BMW's push to expand the influence of its M brand throughout its lineup has resulted in some strange—even questionable—offerings. However, the division has drawn at least one line in the sand: There will be no front-wheel-drive-based M cars.
Enthusiasts have accused BMW of watering down its M brand over the past decade as the badge has often appeared on vehicles that many felt were unworthy. While BMW's SUV portfolio and larger plug-in hybrids will still get M variants, the same treatment will not extend to the likes of the company's new entry-level, front-wheel-drive-based cars, BMW M boss Markus Flasch told CarAdvice on Tuesday. That means no full M versions of the 1-Series and new 2-Series cars, as well as the X1 and X2 crossover SUVs.
"We have a very strong offering in the M2 so we figure there’s no need to have a high-performance car based on the 2-Series and then a performance car based on the 1-Series," Flasch told the Australian outlet. Flasch said that while all-wheel drive variants of its new small cars with some M components will be good performers, there's no sense trying to bridge the gap to its established, core M cars with a front-wheel-drive platform.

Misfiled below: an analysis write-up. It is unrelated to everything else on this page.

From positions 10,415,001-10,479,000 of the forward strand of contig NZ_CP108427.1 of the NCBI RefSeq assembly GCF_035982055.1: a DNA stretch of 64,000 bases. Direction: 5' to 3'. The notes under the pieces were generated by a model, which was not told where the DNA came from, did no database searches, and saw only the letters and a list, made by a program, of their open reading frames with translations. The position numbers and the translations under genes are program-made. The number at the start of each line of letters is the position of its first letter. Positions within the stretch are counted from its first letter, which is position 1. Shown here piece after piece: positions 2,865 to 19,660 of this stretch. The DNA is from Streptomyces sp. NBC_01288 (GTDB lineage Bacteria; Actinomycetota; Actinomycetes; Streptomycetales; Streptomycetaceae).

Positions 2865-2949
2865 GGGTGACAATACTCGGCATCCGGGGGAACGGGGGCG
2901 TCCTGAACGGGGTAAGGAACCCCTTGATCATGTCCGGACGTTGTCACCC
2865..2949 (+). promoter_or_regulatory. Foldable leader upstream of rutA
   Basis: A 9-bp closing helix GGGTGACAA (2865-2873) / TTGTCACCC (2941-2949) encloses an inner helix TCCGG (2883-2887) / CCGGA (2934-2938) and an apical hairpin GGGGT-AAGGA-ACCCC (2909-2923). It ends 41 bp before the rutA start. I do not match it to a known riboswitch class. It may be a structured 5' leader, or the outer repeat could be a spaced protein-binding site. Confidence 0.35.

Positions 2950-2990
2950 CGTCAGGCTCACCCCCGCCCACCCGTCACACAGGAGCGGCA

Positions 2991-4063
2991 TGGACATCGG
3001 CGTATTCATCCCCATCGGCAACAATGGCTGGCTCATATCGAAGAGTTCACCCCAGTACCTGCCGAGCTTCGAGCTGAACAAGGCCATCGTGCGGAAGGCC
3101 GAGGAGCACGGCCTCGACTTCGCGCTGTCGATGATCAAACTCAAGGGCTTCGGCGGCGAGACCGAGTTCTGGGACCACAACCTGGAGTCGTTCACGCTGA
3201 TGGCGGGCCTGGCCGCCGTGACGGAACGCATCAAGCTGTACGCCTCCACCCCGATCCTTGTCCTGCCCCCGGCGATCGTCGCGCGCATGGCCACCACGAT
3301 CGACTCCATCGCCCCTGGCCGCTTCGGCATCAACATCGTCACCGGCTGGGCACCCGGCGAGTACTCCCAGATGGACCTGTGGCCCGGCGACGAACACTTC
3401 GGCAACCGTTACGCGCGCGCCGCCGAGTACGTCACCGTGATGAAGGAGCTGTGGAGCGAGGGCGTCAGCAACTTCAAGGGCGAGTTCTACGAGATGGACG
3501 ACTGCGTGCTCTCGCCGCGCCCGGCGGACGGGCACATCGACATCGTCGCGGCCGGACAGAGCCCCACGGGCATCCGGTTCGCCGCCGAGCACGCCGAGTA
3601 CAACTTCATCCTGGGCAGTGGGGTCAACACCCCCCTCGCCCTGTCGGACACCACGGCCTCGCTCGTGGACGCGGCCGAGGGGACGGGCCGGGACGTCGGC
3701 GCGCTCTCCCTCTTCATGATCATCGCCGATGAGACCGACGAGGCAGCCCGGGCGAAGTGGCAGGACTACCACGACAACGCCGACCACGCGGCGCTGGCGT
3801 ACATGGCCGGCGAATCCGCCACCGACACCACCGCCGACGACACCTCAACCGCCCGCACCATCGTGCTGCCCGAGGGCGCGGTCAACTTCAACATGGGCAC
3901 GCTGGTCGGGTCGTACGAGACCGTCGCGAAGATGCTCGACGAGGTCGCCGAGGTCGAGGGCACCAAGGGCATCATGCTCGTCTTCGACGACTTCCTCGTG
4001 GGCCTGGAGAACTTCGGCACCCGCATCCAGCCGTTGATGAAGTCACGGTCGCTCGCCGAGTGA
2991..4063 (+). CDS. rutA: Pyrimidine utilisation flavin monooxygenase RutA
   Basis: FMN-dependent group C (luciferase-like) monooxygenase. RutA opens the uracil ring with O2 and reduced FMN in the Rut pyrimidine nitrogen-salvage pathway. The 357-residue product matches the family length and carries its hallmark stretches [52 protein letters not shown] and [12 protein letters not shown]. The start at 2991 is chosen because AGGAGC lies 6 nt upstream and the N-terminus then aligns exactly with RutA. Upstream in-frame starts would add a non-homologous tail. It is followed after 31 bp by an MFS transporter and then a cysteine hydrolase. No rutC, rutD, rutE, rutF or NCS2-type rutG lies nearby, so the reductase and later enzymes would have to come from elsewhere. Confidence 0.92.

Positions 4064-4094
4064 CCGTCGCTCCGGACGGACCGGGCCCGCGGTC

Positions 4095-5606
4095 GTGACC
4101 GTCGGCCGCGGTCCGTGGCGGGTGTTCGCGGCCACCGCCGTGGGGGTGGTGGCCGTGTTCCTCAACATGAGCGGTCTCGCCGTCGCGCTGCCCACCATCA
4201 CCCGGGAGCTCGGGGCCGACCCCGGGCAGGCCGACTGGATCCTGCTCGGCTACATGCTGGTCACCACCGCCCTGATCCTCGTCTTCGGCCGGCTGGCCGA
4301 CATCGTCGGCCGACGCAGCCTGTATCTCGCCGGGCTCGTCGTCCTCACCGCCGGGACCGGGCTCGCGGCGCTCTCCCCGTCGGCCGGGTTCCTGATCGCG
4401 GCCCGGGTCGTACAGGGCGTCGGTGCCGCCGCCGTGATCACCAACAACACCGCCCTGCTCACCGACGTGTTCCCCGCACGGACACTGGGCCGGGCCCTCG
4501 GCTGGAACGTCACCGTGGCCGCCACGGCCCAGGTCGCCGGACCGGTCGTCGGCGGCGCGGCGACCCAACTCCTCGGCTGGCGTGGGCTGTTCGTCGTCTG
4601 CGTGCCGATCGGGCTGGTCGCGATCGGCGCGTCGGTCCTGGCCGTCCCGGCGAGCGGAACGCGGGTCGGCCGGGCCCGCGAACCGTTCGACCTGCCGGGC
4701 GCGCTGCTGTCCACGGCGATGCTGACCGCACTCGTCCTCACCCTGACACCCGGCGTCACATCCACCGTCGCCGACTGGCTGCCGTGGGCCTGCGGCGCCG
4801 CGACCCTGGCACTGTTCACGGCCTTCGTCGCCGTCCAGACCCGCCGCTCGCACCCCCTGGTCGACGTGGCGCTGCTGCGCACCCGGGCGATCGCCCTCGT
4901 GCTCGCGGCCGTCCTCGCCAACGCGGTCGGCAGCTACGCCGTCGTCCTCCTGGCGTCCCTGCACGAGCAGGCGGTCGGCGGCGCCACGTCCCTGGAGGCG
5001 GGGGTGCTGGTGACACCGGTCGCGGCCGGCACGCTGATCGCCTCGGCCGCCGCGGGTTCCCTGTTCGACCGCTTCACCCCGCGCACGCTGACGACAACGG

This dovetails perfectly with Flasch's recent comments on electrification, which BMW will reserve for its larger M offerings, such as the X5 M and X6 M SUVs and perhaps its larger sedans, but the core M2, M3, and M4 models will remain gasoline-powered well into the foreseeable future. Flasch even said that electrification of its larger M vehicles isn't guaranteed, as the division's philosophy is to stick to its proven approach unless an alternative provides a clear performance advantage.
In other words, M won't electrify merely for the sake of doing so. And while BMW is well into development of advanced, high-performance hybrid and battery-electric powertrains, those systems will have to mature to the point where their compromises are outweighed by their performance capabilities.